On Thursday a videotape taken on April 18, 2003, nine days after the fall of Baghdad, by an ABC television affiliate in Minneapolis, KSTP, embedded with U.S. troops, clearly showed U.S. troops at the weapons dump uncovering an entire storage bunker full of high-powered explosives that soon went missing. The video even showed soldiers breaking International Atomic Energy Agency seals on warehouse doors, seals put in place months earlier and used only to secure munitions depots.
Yet, during an interview on WPHT radio in Philadelphia, Secretary of Defense Donald Rumsfeld downplayed the weapons dump story, saying, "The idea that it was suddenly looted and moved out, all of these tons of equipment, is, I think, at least debatable."
That same day the Pentagon released satellite images that it suggested showed significant truck activity at one of Al-Qaqaa's 56 bunkers on March 17, 2003. Supposedly, the weapons were whisked away by Saddam (or the Russians, according to the conservative Washington Times) before the war. But an examination by GlobalSecurity.org uncovered that the images were not what they appeared to be: "A comparison of features in the DoD-released imagery with available commercial satellite imagery, combined with the use of an IAEA map showing the location of bunkers used to store the HMX explosives, reveals that the trucks pictured on the DoD image are not at any of the nine bunkers identified by the IAEA as containing the missing explosive stockpiles." In the end, on-the-ground, up-close video shot by KSTP showing U.S. troops unsealing a locked warehouse full of explosives in April 2003 trumped the Pentagon's wrong photographic interpretation.
All day Thursday, Fox News went to extraordinary lengths to avoid reporting the definitive KSTP video. Fred Thompson, the former Republican senator from Tennessee, went on Fox's "O'Reilly Factor" to discuss how "the [explosives] stories have been pretty much discredited" and how it was clear that "in all probability [the explosives] were not there" when the war began. He dismissively called the issue a "stupid thing." To Thompson, Bill O'Reilly and his viewers, the story was another mainstream media hoax, a "hit piece," that had been debunked by fair and balanced conservatives.
During Thursday night's "Fox Special Report With Brit Hume," reporter Carl Cameron, traveling with the Kerry campaign, continued along this line, telling viewers, "The Iraqi explosives may have disappeared before the invasion, undercutting Kerry's attack on the president." Fox's panel of pundits liked what they heard from Cameron and based their subsequent conversation on his incorrect assertion. (Earlier in the week, Fox's Tony Snow announced hopefully that the missing explosives story "looks pretty bogus" and is "an embarrassment to the New York Times.")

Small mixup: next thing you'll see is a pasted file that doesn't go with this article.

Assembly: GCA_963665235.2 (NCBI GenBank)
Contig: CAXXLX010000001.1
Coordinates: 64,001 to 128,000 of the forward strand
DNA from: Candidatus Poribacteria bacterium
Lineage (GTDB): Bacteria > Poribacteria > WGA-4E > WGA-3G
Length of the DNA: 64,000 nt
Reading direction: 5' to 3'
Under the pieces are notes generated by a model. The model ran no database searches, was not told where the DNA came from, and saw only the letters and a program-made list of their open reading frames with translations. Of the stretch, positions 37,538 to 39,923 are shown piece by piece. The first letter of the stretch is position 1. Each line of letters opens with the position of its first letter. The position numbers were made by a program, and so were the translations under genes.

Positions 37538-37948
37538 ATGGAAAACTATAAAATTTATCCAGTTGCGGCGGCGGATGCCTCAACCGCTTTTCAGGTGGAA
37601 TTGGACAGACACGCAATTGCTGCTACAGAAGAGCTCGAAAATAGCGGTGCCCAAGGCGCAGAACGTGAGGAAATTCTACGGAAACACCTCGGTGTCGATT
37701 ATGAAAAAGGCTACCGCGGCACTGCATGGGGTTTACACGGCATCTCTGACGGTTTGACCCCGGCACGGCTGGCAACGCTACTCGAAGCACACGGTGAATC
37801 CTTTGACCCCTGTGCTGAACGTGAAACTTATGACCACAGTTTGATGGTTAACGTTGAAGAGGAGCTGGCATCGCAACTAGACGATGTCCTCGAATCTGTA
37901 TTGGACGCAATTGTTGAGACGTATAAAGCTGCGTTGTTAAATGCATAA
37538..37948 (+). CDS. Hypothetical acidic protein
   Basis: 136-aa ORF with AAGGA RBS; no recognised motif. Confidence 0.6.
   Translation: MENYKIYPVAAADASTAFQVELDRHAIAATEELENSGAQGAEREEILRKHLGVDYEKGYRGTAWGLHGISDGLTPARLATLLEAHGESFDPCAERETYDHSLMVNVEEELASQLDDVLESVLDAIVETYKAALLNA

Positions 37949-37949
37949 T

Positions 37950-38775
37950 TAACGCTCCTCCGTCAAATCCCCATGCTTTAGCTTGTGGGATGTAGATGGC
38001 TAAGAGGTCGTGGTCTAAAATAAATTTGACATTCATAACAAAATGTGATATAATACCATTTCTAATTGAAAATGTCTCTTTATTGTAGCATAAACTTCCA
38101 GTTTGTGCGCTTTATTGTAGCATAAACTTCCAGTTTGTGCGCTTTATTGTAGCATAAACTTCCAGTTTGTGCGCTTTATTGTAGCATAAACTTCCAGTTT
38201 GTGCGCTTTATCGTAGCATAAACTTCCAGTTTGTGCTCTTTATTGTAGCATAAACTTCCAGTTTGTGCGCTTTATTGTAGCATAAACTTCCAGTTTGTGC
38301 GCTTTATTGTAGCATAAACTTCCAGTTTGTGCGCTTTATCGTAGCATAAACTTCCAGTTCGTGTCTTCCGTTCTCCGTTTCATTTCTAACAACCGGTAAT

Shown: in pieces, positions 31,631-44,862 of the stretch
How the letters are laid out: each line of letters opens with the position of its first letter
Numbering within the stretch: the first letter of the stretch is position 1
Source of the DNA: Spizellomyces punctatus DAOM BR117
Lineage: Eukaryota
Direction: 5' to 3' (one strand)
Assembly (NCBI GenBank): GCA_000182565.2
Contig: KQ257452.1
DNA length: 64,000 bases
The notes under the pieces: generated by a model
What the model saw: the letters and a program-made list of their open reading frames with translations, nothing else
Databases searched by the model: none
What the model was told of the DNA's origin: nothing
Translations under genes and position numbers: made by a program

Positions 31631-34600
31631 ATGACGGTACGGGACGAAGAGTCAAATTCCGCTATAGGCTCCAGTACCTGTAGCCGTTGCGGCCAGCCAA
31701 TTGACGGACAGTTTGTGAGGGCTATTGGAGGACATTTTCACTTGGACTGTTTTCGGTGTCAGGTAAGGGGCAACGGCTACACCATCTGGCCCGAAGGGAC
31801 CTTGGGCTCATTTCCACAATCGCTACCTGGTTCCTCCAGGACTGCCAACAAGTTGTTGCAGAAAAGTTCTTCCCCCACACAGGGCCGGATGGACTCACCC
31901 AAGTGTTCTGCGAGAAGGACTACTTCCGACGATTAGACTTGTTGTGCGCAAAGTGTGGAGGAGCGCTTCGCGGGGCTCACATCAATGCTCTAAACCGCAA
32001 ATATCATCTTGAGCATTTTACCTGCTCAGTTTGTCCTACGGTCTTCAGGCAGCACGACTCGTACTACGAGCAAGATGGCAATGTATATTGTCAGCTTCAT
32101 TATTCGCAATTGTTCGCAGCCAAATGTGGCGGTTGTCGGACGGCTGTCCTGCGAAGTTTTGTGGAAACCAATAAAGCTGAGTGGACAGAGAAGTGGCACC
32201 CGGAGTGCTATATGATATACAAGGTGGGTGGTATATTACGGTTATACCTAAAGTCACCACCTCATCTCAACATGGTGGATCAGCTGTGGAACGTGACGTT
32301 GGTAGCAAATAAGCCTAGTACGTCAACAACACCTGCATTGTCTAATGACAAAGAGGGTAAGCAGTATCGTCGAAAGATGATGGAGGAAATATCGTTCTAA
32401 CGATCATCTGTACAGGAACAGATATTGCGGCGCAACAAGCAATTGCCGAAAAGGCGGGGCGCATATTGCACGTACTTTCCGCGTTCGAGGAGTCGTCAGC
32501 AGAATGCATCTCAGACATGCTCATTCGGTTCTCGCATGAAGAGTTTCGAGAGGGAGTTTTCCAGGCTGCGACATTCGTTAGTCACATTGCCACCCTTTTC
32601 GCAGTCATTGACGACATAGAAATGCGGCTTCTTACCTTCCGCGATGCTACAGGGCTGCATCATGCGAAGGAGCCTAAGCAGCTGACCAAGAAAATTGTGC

But one hour before O'Reilly's program, ABC News, quoting weapons inspectors, reported that the KSTP video represented "the strongest evidence to date that conventional explosives missing from Iraq's al-Qaqaa installation disappeared after the United States had taken control of Iraq."
Right after Thompson's appearance on "The O'Reilly Factor," David Kay, the former head of the Iraq Survey Group, handpicked by the Bush administration to search for WMD in Iraq, appeared on CNN and confirmed ABC's report: that the KSTP tape represented "game, set, match" in the debate about the story's timeline. Kay said, "And to put this in context, Iraq is awash with tens of thousands of tons of explosives right now in the hands of insurgents because we did not provide the security when we took over the country."
But on Friday the Pentagon, in yet another attempt to explain the story, sent out an Army major for a press conference. He said his unit had removed 250 tons of equipment, ammunition and explosives from somewhere in the Al-Qaqaa facility in early April 2003, and before the Minneapolis TV crew showed up. But so many questions surrounded his story -- questions even the Pentagon cannot answer -- that it was impossible to determine how his sketchy information plays into the ongoing story. However, the major's disclosure "did little to quell the controversy over the disappearance from the site of high explosives that had been sealed by UN inspectors," reported Saturday's Chicago Tribune.
Late on Friday afternoon, the only story threatening to dislodge Al-Qaqaa from the front page came when a new tape was released of Osama bin Laden, the man Bush once promised to capture "dead or alive." Bin Laden was obviously alive. And after the tape was shown, "NBC Nightly News" ran another story on the missing explosives, featuring the KSTP tape.
On Saturday, CBS News issued a press release about a "60 Minutes" story it will broadcast on Sunday night, perhaps triggering a new cycle of controversy less than 48 hours before Election Day: "In Harm's Way -- Even though roadside explosive devices account for half of all the war's U.S. casualties, soldiers are still getting killed and wounded by them because the Pentagon hasn't provided enough fully-armored vehicles to protect them." The Bush campaign and the conservative media will have precious little time for denials.